Purpose: To compare the outcomes of children 24 months of age or younger treated with aqueous shunt devices or with mitomycin-C (MMC) trabeculectomy.
Design: Retrospective, age-matched, comparative case series.
Methods: Forty-six eyes of 32 patients with mean age of 7.0 +/- 5.1 month (range, 1 to 22 months) and uncontrolled glaucoma, which received an aqueous shunt device (Ahmed glaucoma valve or Baerveldt implant), compared with 24 eyes of 19 patients with mean age of 5.3 +/- 4.8 months (range, 0.5 to 24 months), which received an MMC trabeculectomy. Surgical success was defined as intraocular pressure < 23 mm Hg on maximal glaucoma medication, no further glaucoma surgery performed or recommended, no devastating complication, and stable ocular dimensions (axial length and corneal diameter).
Results: Cumulative probabilities of success were 87% +/- 5.0% for the aqueous shunt group compared with 36% +/- 8.0% success in the trabeculectomy group at 12 months and 53% +/- 12% in the aqueous shunt group compared with 19% +/- 7% in the trabeculectomy group at 72 months (chi(2) of 23.5, P <.0001). Aqueous shunt implantation was associated with significantly more postoperative complications requiring a return to the operating room (21 of 46 eyes, 45.7%) compared with trabeculectomy with MMC (3 of 24 eyes, 12.5%, P =.0074). The most common postoperative procedure in the aqueous shunt group was tube repositioning, performed in 16 of 46 eyes (34.8%).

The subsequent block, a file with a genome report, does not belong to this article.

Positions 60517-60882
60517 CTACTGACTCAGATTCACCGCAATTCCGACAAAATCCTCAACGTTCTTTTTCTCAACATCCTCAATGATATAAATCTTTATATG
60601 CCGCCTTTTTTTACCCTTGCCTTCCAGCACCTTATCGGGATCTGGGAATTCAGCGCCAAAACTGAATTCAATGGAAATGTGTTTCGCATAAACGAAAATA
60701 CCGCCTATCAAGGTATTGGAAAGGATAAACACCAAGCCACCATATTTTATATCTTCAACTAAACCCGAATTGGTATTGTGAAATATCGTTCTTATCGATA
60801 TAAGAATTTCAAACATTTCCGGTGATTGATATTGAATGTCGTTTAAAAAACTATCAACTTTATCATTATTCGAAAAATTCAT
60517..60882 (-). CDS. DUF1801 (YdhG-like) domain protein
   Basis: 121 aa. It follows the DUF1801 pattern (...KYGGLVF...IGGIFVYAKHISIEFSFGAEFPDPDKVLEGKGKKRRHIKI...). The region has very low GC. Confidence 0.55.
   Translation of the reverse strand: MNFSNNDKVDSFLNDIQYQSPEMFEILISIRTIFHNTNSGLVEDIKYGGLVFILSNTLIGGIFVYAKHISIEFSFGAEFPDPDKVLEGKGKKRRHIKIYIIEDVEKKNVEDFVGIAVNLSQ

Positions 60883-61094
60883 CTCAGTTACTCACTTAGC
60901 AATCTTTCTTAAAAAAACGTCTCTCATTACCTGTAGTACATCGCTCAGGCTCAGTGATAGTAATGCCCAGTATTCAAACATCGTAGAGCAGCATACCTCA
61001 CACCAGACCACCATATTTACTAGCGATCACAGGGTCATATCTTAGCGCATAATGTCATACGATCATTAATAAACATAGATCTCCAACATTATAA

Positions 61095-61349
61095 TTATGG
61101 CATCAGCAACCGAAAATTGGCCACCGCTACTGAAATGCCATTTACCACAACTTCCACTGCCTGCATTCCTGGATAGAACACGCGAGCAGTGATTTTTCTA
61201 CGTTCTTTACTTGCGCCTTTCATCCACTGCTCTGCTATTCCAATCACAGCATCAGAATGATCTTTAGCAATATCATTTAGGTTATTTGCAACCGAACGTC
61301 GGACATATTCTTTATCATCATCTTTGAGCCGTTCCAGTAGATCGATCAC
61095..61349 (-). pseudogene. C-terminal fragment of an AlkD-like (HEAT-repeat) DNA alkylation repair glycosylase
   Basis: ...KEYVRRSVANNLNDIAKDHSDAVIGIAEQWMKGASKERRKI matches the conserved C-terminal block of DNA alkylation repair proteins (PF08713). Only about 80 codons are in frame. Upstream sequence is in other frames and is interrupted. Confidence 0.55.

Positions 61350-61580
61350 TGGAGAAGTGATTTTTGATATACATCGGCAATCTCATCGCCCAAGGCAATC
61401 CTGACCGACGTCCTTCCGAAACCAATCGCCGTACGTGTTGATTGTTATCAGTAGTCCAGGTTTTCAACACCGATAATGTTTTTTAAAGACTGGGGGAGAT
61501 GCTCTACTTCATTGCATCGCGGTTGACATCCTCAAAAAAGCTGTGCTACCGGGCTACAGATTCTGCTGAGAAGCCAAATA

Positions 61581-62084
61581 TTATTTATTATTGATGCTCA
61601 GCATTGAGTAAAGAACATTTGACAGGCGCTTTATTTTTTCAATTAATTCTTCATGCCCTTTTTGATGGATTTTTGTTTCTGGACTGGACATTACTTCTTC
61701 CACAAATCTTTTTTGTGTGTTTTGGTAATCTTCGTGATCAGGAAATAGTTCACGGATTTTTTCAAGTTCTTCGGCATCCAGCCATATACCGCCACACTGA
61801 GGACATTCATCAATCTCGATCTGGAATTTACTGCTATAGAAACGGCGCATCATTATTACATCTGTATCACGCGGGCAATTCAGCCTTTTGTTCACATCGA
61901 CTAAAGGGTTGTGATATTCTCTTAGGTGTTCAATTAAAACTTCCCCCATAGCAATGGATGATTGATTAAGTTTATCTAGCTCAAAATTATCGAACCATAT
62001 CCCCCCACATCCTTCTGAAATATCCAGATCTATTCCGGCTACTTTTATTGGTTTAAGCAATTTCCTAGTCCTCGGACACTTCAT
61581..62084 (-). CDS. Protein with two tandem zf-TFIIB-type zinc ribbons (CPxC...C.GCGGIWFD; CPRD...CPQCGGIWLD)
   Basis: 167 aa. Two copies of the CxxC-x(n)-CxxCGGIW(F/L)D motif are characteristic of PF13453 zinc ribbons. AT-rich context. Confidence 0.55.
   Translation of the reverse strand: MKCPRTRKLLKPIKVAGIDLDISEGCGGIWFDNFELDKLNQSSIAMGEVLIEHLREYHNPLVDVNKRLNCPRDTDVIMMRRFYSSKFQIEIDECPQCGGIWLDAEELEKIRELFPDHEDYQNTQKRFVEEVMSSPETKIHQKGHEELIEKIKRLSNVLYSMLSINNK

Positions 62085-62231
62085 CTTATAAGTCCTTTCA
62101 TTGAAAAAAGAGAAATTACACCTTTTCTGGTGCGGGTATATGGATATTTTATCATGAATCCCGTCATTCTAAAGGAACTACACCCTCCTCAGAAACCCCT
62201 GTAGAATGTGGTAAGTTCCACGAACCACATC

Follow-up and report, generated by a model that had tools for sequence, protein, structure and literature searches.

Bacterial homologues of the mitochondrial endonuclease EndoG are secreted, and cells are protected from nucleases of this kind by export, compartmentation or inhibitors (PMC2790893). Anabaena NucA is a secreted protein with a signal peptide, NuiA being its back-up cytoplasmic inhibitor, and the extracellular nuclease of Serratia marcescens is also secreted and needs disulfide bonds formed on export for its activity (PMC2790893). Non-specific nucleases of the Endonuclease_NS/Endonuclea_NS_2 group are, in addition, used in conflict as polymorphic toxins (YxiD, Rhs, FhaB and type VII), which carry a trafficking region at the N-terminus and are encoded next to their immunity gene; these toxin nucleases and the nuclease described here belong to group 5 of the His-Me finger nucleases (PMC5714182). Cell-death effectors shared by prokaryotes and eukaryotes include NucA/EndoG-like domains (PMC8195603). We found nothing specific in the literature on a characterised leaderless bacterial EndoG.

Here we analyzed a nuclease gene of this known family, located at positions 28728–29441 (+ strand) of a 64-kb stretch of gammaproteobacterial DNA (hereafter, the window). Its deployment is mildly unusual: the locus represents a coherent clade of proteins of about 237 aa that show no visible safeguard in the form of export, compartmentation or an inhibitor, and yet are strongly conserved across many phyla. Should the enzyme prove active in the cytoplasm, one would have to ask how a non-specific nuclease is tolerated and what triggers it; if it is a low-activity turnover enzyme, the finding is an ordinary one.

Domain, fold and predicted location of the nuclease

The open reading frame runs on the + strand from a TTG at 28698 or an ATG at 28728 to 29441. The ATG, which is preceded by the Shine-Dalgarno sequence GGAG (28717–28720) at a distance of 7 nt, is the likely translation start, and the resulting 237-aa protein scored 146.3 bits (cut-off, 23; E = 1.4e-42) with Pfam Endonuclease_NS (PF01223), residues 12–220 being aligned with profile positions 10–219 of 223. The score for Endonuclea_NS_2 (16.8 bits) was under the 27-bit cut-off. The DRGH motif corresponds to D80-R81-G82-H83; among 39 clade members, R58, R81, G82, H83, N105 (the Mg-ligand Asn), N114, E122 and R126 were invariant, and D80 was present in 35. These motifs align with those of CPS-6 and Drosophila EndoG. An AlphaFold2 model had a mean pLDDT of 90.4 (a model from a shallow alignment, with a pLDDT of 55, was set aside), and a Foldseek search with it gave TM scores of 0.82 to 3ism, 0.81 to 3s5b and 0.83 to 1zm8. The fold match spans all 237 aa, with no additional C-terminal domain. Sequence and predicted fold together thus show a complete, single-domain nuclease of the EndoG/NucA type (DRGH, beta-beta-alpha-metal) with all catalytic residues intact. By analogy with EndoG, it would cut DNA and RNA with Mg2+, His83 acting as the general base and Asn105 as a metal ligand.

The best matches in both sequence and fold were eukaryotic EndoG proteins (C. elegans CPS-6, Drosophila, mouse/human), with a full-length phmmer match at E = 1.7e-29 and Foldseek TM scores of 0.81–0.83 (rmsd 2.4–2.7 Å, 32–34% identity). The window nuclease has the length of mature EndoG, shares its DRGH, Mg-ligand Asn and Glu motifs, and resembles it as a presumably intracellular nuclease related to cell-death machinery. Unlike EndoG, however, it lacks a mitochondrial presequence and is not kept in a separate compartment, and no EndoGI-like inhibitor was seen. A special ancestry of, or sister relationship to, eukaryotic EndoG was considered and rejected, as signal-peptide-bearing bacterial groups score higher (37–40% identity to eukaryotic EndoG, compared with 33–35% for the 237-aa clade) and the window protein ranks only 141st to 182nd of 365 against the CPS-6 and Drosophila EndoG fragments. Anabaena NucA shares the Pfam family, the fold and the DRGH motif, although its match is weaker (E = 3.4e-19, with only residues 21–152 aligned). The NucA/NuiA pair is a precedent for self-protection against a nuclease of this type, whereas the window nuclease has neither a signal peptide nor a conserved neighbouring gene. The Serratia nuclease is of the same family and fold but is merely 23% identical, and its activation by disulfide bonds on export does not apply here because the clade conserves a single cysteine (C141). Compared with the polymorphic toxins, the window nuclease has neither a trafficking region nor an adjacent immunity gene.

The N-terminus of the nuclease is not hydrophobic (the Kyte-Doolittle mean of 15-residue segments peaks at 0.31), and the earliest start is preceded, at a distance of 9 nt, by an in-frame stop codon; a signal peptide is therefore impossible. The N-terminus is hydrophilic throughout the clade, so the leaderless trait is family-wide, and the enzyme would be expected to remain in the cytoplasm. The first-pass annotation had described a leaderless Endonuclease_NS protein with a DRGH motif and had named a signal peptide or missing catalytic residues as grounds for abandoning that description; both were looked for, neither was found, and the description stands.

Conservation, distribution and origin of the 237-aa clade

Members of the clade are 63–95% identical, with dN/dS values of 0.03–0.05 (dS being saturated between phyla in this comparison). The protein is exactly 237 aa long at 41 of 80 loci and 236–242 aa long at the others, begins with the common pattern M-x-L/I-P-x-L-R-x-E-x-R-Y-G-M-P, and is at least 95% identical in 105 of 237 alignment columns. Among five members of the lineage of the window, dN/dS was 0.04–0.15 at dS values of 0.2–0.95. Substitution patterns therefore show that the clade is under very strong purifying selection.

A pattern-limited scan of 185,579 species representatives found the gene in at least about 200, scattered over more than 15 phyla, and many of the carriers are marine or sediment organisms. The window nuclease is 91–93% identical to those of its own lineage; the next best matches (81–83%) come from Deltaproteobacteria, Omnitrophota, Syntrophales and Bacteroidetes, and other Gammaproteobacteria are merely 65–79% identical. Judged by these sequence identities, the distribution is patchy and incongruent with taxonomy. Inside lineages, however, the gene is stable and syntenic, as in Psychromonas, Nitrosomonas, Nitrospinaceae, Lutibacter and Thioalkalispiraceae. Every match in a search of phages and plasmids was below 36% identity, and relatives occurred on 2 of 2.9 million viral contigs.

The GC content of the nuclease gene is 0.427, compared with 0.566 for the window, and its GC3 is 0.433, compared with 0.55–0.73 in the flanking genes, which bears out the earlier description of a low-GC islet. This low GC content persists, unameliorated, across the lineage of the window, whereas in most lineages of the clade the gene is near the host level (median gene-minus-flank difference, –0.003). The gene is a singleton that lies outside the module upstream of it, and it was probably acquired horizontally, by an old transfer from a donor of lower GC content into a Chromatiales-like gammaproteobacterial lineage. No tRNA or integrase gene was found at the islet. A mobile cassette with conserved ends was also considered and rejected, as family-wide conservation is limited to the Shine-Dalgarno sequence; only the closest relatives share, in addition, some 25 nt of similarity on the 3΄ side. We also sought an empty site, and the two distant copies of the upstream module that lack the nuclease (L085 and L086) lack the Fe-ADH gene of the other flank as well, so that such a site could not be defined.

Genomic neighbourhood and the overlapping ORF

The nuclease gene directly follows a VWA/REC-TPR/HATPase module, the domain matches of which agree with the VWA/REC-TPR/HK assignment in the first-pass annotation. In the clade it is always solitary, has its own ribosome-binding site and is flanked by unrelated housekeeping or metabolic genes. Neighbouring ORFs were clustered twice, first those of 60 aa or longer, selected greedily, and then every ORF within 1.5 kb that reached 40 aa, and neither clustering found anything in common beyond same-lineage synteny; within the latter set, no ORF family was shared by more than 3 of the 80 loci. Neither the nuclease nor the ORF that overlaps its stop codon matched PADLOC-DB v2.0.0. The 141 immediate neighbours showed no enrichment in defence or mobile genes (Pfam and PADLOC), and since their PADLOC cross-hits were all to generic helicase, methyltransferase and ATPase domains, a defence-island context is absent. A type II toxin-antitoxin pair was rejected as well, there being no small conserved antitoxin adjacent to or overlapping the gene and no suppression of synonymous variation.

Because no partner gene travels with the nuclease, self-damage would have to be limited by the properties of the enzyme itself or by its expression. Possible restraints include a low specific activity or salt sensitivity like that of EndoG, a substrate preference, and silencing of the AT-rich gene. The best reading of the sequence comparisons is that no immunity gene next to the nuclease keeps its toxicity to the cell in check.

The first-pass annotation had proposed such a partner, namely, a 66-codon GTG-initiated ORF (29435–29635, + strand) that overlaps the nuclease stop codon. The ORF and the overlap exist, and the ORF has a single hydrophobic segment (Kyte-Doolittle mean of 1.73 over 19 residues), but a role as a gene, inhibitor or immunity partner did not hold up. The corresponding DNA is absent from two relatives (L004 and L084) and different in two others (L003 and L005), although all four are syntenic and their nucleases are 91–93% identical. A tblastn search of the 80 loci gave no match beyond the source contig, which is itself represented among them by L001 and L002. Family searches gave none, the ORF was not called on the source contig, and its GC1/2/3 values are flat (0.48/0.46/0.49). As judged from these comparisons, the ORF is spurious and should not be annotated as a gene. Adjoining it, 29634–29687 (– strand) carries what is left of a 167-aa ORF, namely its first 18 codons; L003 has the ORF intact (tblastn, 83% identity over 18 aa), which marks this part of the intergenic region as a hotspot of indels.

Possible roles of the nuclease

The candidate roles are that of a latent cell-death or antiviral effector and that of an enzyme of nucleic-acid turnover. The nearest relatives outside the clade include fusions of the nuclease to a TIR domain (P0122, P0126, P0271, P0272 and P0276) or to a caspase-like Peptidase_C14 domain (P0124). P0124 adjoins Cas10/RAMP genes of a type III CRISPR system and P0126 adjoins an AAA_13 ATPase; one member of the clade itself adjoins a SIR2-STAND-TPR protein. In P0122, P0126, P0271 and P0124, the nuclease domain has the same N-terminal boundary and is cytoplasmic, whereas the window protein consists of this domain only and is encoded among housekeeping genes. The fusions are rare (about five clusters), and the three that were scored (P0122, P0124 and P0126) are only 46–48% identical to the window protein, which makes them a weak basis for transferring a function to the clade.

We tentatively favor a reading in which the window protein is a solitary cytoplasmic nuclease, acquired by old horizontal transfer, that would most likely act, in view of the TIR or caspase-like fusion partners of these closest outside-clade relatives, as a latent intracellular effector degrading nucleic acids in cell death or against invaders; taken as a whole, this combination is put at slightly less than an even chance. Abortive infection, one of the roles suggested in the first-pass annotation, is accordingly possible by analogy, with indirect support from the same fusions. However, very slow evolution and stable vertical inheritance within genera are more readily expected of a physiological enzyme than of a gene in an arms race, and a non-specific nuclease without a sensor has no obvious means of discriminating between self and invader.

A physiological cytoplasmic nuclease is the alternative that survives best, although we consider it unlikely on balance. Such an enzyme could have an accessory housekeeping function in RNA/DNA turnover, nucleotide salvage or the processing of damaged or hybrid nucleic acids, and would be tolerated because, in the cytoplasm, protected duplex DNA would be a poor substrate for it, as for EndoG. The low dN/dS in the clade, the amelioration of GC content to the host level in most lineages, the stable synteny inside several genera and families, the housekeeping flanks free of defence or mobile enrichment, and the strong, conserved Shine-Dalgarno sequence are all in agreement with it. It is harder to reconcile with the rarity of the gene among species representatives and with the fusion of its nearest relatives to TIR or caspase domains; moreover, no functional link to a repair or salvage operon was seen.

Conclusions: Aqueous shunt implantation offers a significantly greater chance of successful glaucoma control in the first 2 years of life, compared with trabeculectomy with MMC. However, the enhanced success with aqueous shunt devices is associated with a higher likelihood of postoperative complications requiring surgical revision, most commonly tube repositioning.